* If you’re thinking it sounds like the other shoe is about to drop, you are correct.
* JB becomes addicted to crystal meth, but this is not Innocent Suffering Like Jude’s but instead Something He Brought Upon Himself, so when Jude tries to help him and JB lashes out by imitating Jude’s limp and occasionally slurred speech, both Jude and Willem find it unforgivable and sever relationships with him, though they’ll drift back into contact later on.
* After years of everyone talking about Jude’s possible sexual orientation behind his back instead of just fucking asking him like any normal person would do (especially since no one has any real idea of his past), Jude finally ends up in a relationship with a high-powered fashion executive named Caleb whom he meets at a party.
* Caleb promptly begins showing creepy danger signs--he’s especially critical of Jude’s increasing need for a wheelchair and thinks it’s a sign of weakness and Jude “giving in” to his deformity--and before you can say “many survivors of childhood abuse find themselves in abusive relationships later in life,” Caleb has become the abusive husband in every Lifetime movie ever made. When Jude--with kindly law professor and surrogate dad’s help--sort of succeeds in severing things with him, Caleb breaks into Jude’s apartment and rapes him and throws him down a flight of stairs. (Actually, Wikipedia tells me this is the second rape in their relationship. That’s how often Jude gets raped in this novel. I have forgotten entire instances of it.)
* Jude then tries to kill himself, which prompts Hollywood star Willem to move back in with him. Jude cherry-picks a few of the less cataclysmically awful stories from his childhood to finally tell and Willem is horrified by them while the reader leans back and smokes a cigarette and says, “Will, you wouldn’t believe the shit I’ve seen.”
* Willem, despite having been straight to this point, then begins to fall in love with Jude, and you know, I’m all for flexible models of sexuality and sexual desire that proceeds from romantic connection that proceeds from the realization that this person is closer to you than anyone else in the world, but also: come the fuck on. This could not get any ficcier if it tried.
* Anyway, Jude of course loves Willem back, Willem being a Perfect Human and all, so they begin an honestly very touching relationship, marred only by Jude’s continued self-harm (which he can’t bring himself to stop for good, though Willem does provide him with enough stability that he’s able to minimize it) and their problems in bed. Willem is highly satisfied with having sex with Jude, but Jude’s life has left him entirely sex-repulsed, and his continued assent to their encounters and his continued concealment of the pain and distress they cause him leads to escalated self-harm.
* Willem finally finds out and Jude at last reveals to him at least 90% of his childhood as an explanation for his hatred of sex. They cut it out of their relationship entirely and have a honeymoon phase--Willem goes back to sleeping with women in no-strings-attached arrangements that don’t bother Jude in the slightest, and their life together is exceedingly happy and romantic.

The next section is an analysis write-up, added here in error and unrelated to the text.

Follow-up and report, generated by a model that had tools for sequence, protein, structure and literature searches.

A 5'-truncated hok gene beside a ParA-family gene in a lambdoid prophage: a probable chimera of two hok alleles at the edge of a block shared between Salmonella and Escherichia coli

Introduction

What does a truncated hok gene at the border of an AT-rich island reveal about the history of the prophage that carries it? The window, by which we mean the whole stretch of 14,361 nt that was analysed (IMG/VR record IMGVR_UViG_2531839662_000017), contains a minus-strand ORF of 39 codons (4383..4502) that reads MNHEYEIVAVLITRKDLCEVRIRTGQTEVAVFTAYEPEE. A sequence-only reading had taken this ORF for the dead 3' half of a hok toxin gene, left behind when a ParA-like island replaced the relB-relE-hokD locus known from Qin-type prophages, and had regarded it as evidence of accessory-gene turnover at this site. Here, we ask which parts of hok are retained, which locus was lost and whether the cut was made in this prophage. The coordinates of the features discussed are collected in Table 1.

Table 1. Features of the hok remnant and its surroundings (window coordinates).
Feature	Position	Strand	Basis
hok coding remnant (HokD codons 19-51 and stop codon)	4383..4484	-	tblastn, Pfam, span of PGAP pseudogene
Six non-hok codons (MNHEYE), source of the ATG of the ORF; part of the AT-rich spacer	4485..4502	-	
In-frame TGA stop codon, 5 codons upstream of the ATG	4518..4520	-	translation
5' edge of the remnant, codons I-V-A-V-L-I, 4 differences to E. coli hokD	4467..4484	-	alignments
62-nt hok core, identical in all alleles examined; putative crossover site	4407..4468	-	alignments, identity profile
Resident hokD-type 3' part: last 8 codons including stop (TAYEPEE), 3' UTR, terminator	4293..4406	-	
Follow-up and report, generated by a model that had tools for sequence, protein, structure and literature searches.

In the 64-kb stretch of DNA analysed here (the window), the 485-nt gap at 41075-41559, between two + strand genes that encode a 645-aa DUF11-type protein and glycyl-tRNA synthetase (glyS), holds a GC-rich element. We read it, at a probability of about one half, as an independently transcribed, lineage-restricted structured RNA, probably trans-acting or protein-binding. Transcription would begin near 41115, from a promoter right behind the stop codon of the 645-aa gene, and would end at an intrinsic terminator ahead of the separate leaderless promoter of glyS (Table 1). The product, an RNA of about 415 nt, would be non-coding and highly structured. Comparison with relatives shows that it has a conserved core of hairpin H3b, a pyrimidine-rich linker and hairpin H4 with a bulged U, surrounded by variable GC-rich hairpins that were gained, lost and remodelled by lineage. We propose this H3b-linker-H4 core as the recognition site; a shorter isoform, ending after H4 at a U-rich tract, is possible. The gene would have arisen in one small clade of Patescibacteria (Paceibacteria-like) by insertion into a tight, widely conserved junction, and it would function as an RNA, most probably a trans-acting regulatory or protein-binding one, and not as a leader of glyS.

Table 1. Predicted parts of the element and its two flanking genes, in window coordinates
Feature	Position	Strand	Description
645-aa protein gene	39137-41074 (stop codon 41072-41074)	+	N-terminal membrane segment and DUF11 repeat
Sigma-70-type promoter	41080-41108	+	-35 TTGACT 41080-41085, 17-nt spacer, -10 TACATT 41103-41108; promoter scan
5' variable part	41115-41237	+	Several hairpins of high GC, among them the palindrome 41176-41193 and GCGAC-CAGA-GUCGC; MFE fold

* AND THEN WILLEM, MALCOLM, AND MALCOLM’S WIFE ALL DIE TOGETHER IN A CAR CRASH.
* Also at some point in here, Jude lost one of his legs. I don’t even remember when. There was a medical reason for it, related to maybe the initial damage or the subsequent damage from Caleb throwing him down the stairs or him burning himself severely on his leg, it didn’t just fall off like the legs of the cows in Cold Comfort Farm, but really, in the wash of all this trauma, who can keep track of the odd leg or two?
* Well, Jude practically starves himself to death, gets help temporarily, and then finally succeeds in killing himself and leaving his devastated adoptive father behind to close out the novel.
It’s actually a good novel if you like this sort of thing. There’s no real character depth to anyone, because all you need to know about Jude is that he suffers beautifully and nobly and all you need to know about anyone else is that they either love and admire Jude or have raped/are currently raping him. (The one exception to this is JB, who seems to have escaped from a more complex novel, as he is allowed the occasional spot of selfishness and realistic misreadings of situations, and I seriously considered requesting post-Willem Jude/JB for Yuletide just to see this story travel towards a more nuanced, textured view of life going on and people reconciling themselves with imperfections.) But Yanagihara writes well and there is a melodramatic but genuine emotional intensity to it all. I was involved throughout. But just as Oscar Wilde said it would take a heart of stone not to laugh at the death of Little Nell, I have to admit that my reaction to Willem’s death was a combination of raw sobbing and horrified laughter. But again, if you like over-the-top hurt/comfort, this is your kind of thing. It’s my kind of thing. I mean, I did finish. I do actually own this book. It’s sloppy and hyperbolic, but I like crying and can cry around my criticisms of the text.
I laid all that out, though, not to defend or condemn A Little Life but to contextualize why I think it has an odd power as a fantasy of suffering by the sufferers themselves... in the time that they're actually suffering. That it’s a voyeuristic fantasy of suffering is pretty obvious. But it works inwardly, too, or at least it works inwardly for me.
No one in A Little Life ever loses patience with Jude. His pain never exhausts them; his refusal to explain the cause of his pain never genuinely frustrates them. They wish he would tell them, but his not telling them doesn’t get on their nerves, doesn’t strike them as unfair emotional withholding. In fact, everyone loves Jude. His professor adopts him. His friends stay loyal over decades. His doctor continues to treat him even after giving up the rest of his practice. His straight best friend considers him the exception to the romantic rule and has no problem at all at adjusting to a romance without sex. Anyone who is cruel to him is judged harshly by the other characters, even if it’s the cruelty of a moment. No one ever tells him to get over it.